Official fuel economy for the TD4 Auto is:
- Urban - 25.2 mpg
- Extra Urban - 37.7 mpg
- Combined - 33.2 mpg
And it is very close. On the motorway I manage to get 36-38 mpg driving steadily and at no more than 70 mph. On non-motorway, I average about 33 mpg if I can do at least 40 mph. If I am doing 10-30 mph then that is where this lets you down and I get about 28-31 mpg. This is not bad, but you do have to bear in mind this is a car for longer distances.
Given that I have the automatic the CO2 is higher at 224g/km. It just misses the top Car tax band, but who knows for the future.
One thing I have noticed about the FL2 is you need to allow a lot of braking space. Especially if you are going high-speeds. I'm not a physicist but this car is just under 2 tonnes without any loading, so I imagine, the higher the speed the greater the braking distance you require. I have a couple of close calls and had to invoke the emergency brakes, and thankfully they are excellent and responsive.
In terms of space, there is enough space and legroom for 5 adults in total or 2 adults, 2 big child seats and 1 adult in the back.
The dimensions of the exterior of the car:
Width - 2180mm
Length - 4500mm
Height - 1765-1820mm
The bootspace is quite large (as you'd expect) 755 litres with the seats up. You can get the full dimensions at http://www.landrover.co.uk/gb/en/Vehicles/Freeland er2/Specifications/Freela nder_dimensions.htm
More specifically the tailgate is not a swinging door but an up and over. Not sure how many people it matters to but this is different to the previous model.
The FL2 has a service interval of 15000 miles or 12 months. I have not yet had a service (not due till Sep) but I believe it will be in the region of £200-300.
Tax is £210 for 12 months, £115.50 for 6 months.
I have not had to top up any oil or screen washes. I did check the tyre pressure the other day to ensure I was optimised for fuel economy and found that there was no need for any top up of air as all tyres were on the nose for the recommended tyre pressure.
Things that would be nice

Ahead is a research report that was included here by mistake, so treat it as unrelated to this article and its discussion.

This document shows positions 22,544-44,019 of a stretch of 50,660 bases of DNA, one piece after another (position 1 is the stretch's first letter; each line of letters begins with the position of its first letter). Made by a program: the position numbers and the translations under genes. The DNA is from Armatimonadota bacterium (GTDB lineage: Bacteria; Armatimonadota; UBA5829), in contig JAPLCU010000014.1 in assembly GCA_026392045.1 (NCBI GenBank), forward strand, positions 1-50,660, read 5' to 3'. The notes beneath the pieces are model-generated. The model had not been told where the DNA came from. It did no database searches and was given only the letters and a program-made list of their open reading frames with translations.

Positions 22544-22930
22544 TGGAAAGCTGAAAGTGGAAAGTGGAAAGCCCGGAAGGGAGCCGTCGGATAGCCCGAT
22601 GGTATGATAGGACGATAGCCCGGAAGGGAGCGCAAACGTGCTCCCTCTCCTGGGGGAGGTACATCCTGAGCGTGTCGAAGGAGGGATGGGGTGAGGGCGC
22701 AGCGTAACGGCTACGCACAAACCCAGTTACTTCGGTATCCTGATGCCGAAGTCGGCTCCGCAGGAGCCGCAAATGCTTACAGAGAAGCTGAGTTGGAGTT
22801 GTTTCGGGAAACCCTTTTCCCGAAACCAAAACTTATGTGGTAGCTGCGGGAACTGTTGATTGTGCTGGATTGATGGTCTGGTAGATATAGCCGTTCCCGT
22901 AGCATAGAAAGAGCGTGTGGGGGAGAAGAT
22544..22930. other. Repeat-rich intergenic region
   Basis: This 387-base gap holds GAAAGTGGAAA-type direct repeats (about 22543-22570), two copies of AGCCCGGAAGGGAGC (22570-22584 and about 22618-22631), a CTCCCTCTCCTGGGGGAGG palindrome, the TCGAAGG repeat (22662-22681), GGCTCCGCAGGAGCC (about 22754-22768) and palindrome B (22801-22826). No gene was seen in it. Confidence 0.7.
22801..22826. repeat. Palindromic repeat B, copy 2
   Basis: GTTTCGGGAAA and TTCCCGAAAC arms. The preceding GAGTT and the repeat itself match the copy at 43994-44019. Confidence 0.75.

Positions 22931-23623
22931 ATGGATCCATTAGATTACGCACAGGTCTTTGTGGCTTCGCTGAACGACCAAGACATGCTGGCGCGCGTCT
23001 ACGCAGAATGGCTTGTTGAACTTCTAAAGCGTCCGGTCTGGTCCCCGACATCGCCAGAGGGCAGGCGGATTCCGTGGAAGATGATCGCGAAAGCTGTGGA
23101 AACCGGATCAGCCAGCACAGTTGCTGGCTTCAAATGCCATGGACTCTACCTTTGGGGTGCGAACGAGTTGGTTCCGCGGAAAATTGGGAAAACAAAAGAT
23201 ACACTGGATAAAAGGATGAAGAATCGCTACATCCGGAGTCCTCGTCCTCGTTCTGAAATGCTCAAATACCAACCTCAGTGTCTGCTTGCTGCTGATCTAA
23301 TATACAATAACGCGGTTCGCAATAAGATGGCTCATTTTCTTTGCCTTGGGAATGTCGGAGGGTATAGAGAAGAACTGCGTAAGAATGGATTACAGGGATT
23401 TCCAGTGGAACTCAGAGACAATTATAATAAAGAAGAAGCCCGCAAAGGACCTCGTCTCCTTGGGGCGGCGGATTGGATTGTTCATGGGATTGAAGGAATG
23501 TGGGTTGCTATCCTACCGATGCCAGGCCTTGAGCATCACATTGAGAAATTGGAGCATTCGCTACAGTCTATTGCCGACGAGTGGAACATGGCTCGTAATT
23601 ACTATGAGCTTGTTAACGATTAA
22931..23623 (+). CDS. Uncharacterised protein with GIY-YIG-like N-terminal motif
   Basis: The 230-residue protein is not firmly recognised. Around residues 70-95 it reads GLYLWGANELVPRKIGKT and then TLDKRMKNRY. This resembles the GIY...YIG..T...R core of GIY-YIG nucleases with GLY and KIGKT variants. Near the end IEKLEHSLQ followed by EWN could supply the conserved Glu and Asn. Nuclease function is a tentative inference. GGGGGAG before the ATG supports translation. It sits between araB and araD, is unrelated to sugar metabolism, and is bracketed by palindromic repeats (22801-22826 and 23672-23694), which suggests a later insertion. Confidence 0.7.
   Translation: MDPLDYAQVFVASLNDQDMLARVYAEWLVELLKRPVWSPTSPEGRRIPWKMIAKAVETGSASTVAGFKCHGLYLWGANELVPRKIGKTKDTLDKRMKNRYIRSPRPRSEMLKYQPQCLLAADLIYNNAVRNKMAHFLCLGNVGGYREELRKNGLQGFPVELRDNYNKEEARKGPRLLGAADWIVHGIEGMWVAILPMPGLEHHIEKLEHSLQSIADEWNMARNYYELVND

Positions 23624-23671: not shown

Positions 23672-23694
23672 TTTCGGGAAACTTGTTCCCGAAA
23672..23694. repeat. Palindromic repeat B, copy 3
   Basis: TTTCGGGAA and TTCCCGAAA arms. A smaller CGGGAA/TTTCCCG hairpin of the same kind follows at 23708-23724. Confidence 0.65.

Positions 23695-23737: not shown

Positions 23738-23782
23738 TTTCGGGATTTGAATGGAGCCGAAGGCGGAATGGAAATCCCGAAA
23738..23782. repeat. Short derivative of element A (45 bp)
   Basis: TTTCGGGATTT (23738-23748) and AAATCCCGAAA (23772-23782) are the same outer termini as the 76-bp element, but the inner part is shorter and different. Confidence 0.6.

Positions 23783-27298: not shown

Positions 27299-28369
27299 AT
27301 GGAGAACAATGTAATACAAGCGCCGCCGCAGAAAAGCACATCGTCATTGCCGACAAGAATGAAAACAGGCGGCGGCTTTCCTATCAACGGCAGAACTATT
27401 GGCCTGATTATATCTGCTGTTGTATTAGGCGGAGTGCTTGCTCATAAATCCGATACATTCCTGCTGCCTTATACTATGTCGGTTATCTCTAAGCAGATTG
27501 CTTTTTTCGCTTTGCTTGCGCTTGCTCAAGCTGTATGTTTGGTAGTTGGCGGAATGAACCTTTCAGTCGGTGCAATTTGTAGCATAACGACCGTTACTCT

There are not many things I dislike about the freelander 2 but there are some things that would be nice to have.
- Having the sunroof close when you lock the car. It would be nice to know the sunroof closes even when you turn the engine off. I had to power the engine back on (foot on brake etc) and re-engage the closing of the sunroof
- Not having to turn the engine on to use the cigarette lighter. I use a tyre inflator powered by the car battery, but you have to engage the engine in order to use the car electrics. That includes operation of windows and sunroof.
- Automatic opening and closing of the boot (The Audi Q7 has that and it is great)
Comparing the Freelander 2 and Freelander
Overall the Freelander 2 is bigger than the previous model and I have seen them next to each other. The Freelander 2 is a couple of inches taller and certainly more domineering than its predecessor.
It takes a lot of the design features from the Range and Discovery, like the front grill, the front design and the side grills.
From all the reviews (which I took note of), the FL2 is more reliable and has won various awards, especially What Car of the Year in that category. It has regularly outdone the Tiguan, CR-V, RAV4 and the Kuga, so I'm quite happy with my purchase and hope to keep the vehicle for at least 5 years.
Finally if you have got to this point - thanks for reading my review. I have tried to include pertinent things in the review rather than just stating the standards specs. Neither have I included any information on the dealership as not everyone would use the same place, but I am happy to give feedback - just post a comment in the review or my guestbook. I look forward to your feedback :o)
Also posted on ciao
© jupiter28 2008
Summary: A vastly improved freelander from Land Rover